“Today, everything is done on the Internet,” Schwarzenegger said. “Everyone is texting. There’s no more personal kind of relationships. The legislature leaves Washington Thursday afternoon. They’re not hanging out anymore like in the old days.”
Former Los Angeles Mayor Antonio Villaraigosa spoke from the audience on how he and Schwarzenegger were able to work together across party lines.
“There’s a notion today that incremental change is a bad word,” said Villaraigosa, who is now a professor of the practice of policy at USC Price. “You were very focused on getting half a loaf, and I think that was the key to your success.”
Recapping suggestions from the panel, Brzezinski urged students in the audience to be visionary, to have the courage to defy special interests and even their own party to reach that vision, and to be prepared to risk failure.
“If you’re in this room, you’re interested in what we’re talking about and we need you not just voting, we need you thinking about serving because we have a very bad batch in Washington right now,” she noted.
Grose looked at two reforms enacted by the voters to change the polarization in California — open primaries, in which the top two candidates regardless of their party advance to the general election; and second, having a nonpartisan California Citizens Redistricting Commission draw legislative district lines rather than the previous system of having incumbent legislators draw their own lines.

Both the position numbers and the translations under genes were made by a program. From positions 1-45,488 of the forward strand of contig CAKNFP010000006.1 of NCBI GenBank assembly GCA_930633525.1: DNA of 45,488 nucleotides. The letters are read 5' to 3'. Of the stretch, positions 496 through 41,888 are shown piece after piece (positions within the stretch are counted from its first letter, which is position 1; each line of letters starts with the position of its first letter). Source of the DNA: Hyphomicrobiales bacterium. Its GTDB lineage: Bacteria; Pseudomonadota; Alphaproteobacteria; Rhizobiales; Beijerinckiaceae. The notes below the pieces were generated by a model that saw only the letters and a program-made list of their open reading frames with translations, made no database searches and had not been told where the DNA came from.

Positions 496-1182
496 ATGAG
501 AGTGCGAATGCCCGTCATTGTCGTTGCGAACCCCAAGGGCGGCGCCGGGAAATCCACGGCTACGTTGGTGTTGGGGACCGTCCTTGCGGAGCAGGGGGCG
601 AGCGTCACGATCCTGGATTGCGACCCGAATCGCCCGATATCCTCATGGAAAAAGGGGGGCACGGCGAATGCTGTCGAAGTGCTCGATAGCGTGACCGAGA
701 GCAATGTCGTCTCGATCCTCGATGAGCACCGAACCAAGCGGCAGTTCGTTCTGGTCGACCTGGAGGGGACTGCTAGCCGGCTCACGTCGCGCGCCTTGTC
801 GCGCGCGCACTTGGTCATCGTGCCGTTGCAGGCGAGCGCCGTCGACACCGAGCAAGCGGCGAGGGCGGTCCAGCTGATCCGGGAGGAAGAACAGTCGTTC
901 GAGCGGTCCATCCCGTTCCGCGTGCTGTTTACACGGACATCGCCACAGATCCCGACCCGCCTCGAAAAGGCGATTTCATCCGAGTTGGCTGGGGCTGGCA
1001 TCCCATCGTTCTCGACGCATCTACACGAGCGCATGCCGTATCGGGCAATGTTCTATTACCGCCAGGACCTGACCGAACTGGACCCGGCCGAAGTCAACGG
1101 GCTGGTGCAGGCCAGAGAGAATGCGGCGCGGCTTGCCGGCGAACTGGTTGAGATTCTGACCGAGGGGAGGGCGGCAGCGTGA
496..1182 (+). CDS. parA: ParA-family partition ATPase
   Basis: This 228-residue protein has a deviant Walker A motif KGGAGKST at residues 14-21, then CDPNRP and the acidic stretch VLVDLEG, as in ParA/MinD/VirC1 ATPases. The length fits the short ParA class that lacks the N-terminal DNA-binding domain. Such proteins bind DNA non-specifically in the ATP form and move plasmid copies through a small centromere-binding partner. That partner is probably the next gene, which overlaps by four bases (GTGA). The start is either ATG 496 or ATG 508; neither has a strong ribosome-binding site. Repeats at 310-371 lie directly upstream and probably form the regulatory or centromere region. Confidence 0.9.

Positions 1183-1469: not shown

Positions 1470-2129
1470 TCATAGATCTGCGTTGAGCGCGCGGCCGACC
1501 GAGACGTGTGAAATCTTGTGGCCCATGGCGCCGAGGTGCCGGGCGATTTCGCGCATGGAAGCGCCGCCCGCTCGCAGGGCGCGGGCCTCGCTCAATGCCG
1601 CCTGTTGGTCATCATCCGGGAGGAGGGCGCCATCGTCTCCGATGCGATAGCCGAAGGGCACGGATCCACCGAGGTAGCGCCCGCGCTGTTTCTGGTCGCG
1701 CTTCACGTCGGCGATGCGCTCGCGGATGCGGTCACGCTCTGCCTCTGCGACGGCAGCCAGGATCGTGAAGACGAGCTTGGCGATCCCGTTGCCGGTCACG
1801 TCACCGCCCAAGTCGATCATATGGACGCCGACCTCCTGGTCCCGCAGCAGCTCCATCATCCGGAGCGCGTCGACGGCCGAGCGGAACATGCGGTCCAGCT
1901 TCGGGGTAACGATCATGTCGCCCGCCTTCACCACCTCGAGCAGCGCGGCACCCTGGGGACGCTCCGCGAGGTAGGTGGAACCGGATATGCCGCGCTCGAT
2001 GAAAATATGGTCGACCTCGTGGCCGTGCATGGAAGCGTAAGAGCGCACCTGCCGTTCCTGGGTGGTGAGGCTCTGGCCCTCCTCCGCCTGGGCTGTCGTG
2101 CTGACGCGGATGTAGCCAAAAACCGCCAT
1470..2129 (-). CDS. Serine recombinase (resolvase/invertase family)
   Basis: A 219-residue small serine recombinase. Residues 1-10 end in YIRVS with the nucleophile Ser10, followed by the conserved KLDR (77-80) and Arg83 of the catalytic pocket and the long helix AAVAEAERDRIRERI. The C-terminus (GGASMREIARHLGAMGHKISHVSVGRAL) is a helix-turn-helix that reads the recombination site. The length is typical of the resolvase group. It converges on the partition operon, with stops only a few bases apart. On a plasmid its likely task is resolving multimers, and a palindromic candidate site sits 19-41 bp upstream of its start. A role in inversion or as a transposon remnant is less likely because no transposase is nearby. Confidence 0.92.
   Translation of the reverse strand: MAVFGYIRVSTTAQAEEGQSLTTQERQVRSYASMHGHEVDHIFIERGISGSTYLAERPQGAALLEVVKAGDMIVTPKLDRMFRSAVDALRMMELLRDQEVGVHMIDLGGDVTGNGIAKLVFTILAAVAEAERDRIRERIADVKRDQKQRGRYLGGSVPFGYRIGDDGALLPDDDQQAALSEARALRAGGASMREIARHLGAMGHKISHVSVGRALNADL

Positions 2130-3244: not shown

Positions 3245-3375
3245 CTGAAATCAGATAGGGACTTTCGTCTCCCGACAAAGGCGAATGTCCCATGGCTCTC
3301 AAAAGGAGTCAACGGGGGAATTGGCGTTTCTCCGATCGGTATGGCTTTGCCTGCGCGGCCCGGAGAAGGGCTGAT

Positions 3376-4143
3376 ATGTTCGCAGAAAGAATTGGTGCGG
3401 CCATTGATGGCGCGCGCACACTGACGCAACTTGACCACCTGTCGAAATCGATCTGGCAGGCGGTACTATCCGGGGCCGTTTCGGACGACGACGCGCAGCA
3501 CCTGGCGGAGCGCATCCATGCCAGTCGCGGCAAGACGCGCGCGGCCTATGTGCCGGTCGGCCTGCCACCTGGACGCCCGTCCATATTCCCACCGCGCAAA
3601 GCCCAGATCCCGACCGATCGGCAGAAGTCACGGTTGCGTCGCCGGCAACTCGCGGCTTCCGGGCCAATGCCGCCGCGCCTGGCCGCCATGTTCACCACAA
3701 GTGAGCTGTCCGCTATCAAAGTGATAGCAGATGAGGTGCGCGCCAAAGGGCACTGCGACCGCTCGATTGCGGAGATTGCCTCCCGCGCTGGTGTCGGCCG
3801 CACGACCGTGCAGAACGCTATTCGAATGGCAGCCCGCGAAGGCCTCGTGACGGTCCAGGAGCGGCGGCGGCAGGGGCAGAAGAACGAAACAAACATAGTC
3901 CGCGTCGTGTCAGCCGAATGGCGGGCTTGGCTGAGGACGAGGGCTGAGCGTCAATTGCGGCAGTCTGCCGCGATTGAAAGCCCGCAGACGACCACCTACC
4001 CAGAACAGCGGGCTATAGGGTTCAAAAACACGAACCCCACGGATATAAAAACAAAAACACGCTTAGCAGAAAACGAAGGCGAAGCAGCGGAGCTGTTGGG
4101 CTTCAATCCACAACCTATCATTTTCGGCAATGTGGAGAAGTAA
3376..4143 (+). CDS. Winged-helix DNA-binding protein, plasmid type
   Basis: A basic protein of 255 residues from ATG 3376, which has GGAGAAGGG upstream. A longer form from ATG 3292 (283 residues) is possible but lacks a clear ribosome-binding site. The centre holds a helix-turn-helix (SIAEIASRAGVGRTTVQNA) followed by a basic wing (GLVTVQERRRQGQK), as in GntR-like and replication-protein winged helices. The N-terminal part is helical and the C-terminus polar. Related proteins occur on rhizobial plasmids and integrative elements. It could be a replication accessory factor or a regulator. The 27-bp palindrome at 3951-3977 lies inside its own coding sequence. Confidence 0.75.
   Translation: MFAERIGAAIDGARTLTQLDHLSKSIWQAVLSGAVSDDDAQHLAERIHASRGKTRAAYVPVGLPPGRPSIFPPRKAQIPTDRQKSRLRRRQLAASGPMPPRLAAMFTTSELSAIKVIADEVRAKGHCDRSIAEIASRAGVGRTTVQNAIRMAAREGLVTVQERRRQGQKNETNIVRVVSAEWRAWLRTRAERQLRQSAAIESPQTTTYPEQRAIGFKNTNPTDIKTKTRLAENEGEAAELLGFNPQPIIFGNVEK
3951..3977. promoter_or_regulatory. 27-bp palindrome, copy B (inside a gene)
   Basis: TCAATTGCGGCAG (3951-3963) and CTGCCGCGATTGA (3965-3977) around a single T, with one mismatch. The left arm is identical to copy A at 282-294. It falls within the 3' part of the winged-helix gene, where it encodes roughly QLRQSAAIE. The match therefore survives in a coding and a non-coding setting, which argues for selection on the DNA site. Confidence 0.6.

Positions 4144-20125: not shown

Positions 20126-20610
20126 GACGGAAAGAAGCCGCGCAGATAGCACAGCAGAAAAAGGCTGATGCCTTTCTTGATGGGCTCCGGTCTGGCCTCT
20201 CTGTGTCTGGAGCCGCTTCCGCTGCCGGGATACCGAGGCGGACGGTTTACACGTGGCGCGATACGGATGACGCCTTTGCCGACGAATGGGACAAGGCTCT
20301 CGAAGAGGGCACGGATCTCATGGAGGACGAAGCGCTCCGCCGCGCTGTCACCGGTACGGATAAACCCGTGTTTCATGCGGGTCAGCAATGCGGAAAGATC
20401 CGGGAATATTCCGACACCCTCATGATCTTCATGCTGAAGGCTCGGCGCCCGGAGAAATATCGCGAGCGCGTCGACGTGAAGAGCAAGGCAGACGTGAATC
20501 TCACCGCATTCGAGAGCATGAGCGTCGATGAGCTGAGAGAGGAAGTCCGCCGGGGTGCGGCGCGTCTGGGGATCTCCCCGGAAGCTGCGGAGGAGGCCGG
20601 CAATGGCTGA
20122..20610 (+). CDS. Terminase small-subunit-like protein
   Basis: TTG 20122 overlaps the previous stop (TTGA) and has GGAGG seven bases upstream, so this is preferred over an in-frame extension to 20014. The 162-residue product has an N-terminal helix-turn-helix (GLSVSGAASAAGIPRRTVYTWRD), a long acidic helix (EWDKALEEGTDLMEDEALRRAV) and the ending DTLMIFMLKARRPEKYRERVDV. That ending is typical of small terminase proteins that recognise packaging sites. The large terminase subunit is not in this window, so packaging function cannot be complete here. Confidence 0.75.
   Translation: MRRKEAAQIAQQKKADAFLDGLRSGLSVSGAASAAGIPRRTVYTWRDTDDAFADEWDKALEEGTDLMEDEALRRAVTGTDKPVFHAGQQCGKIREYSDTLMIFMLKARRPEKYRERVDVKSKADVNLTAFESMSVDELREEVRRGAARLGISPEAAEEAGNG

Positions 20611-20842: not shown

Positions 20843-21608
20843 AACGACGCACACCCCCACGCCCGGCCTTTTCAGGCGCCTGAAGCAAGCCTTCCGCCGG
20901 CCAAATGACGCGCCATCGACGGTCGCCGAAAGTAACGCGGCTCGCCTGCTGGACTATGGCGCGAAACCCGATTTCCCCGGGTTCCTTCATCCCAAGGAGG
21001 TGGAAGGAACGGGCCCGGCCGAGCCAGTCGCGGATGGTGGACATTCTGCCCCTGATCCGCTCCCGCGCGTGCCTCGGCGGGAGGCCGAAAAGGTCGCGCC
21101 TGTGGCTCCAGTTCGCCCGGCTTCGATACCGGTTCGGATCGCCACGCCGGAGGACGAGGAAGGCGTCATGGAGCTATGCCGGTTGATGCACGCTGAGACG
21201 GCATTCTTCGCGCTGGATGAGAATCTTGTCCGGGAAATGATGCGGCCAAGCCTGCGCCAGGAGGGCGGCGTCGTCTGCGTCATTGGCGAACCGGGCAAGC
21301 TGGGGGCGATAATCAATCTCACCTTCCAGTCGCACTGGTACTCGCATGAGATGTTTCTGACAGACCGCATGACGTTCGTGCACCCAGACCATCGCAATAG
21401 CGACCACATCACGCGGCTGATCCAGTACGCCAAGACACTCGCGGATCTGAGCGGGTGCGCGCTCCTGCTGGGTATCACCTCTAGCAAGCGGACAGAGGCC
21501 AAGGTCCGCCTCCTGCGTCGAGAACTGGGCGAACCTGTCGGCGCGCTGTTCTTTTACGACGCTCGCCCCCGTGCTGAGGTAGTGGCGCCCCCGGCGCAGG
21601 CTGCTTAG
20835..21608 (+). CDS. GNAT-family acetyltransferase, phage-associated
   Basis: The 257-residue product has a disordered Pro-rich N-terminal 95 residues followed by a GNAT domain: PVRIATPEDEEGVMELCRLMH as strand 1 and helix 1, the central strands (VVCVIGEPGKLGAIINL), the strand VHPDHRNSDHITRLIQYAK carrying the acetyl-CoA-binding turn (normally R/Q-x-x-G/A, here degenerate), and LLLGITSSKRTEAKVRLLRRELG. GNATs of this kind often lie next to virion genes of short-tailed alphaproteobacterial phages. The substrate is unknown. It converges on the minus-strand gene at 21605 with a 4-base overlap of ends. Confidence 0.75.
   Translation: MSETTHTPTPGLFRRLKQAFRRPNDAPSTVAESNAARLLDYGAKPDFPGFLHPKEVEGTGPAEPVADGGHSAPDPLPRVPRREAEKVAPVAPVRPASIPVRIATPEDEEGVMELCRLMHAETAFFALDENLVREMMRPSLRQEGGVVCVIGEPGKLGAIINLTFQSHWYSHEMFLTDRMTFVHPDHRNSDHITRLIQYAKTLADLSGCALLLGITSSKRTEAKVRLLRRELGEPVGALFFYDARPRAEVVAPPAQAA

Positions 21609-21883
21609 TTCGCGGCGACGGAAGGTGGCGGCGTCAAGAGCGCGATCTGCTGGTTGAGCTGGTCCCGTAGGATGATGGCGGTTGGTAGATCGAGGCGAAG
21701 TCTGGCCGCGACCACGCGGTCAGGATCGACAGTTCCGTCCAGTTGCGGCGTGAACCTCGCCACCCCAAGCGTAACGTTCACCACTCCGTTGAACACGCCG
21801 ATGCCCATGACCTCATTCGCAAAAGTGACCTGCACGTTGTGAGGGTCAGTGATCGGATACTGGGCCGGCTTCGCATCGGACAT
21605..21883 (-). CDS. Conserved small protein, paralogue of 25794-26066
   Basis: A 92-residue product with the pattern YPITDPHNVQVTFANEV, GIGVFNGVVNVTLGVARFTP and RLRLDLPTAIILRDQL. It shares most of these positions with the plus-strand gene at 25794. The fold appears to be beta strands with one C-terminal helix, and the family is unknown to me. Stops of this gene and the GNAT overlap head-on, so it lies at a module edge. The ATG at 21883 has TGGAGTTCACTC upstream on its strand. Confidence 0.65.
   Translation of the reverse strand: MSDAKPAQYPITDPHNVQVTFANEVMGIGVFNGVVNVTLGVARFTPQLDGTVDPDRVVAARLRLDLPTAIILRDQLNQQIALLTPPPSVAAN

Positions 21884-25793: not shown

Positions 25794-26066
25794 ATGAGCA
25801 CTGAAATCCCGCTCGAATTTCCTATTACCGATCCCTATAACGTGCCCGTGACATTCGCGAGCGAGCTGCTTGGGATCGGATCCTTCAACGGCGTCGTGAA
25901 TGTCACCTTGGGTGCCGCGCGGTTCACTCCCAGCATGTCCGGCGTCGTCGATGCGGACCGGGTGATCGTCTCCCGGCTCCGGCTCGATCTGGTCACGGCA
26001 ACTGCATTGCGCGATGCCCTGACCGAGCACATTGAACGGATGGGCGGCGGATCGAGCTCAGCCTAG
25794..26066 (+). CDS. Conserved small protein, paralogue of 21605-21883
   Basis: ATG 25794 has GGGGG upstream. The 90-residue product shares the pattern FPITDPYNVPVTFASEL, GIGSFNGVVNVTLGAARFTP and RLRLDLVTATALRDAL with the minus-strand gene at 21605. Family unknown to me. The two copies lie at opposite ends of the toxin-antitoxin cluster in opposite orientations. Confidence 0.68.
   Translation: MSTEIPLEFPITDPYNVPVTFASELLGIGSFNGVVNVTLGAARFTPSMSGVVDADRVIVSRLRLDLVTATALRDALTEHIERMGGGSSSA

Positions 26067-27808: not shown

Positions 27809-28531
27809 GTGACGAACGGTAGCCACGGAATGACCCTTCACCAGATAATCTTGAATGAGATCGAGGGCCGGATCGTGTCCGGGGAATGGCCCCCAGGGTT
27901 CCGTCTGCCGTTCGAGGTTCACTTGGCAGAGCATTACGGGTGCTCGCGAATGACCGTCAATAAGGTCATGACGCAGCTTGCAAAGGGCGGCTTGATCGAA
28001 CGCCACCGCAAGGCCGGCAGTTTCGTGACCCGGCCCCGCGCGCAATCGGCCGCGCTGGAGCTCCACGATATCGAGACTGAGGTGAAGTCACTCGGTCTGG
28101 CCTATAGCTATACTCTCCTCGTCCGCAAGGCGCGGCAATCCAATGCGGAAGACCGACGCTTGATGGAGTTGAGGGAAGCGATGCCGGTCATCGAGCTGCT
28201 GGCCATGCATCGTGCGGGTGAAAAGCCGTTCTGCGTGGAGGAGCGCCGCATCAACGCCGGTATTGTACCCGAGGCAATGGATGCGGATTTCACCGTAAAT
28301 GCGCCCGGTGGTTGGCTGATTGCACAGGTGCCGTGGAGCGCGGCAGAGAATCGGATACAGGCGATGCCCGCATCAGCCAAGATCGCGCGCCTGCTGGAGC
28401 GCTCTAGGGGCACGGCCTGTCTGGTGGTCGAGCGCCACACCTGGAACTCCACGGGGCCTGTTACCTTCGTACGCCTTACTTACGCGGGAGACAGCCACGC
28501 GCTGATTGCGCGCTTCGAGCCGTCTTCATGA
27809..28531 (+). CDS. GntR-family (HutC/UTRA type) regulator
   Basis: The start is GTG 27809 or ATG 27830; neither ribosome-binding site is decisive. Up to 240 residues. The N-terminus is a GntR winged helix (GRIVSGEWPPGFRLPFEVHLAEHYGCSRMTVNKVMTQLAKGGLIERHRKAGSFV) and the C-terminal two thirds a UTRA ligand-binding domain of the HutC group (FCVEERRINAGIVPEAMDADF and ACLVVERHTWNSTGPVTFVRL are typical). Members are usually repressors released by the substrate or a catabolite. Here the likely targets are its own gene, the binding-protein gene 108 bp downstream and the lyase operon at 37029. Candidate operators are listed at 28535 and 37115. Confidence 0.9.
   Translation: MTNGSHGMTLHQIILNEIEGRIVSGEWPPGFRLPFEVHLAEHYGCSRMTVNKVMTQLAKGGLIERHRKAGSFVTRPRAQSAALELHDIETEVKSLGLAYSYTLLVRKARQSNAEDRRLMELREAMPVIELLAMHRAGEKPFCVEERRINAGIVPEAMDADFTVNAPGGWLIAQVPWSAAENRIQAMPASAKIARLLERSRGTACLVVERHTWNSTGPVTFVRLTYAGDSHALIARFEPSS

In an analysis of members’ votes since the reforms were completed in 2012, Grose found that polarization between the two parties has been reduced by 15 percent in the State Assembly and 10 percent in the State Senate. During the same time period, polarization has increased in the U.S. Congress.
The second panel examined these California electoral reforms as part of the political reform movement in America. Schwarzenegger Institute Global Director Bonnie Reiss moderated a discussion featuring Kathay Feng, executive director of California Common Cause; John Fortier, director of the Bipartisan Policy Center’s Democracy Project; Jackie Salit, president of IndependentVoting.org; and Dorothy Siemon, vice president of the office of policy integration at the American Association of Retired Persons.
Feng recalled the resistance she faced when representing the Asian community leading up to the redistricting round in 2000. Legislators would listen to her concerns and smile, but the legislators drew the lines the way they needed to protect themselves.
“This is an ugly, ugly game where redistricting combines with racism, combines with power,” Feng said. “When people need to hold on to power, they will do what they need to do.”
Salit said there are currently a dozen states considering open primaries. Redistricting, however, is a more difficult proposition, as only 24 states have initiative processes, and it would be difficult to go through legislatures and ask them to give up the power. Feng said that redistricting is being considered in Illinois, Indiana, Ohio and North Carolina.
“The impact of what took place in California cannot be underestimated,” Salit said. “It was huge. It is motivating forces and people who took a shot, lost, were upset about the failure and walked away to reconsider the issue.”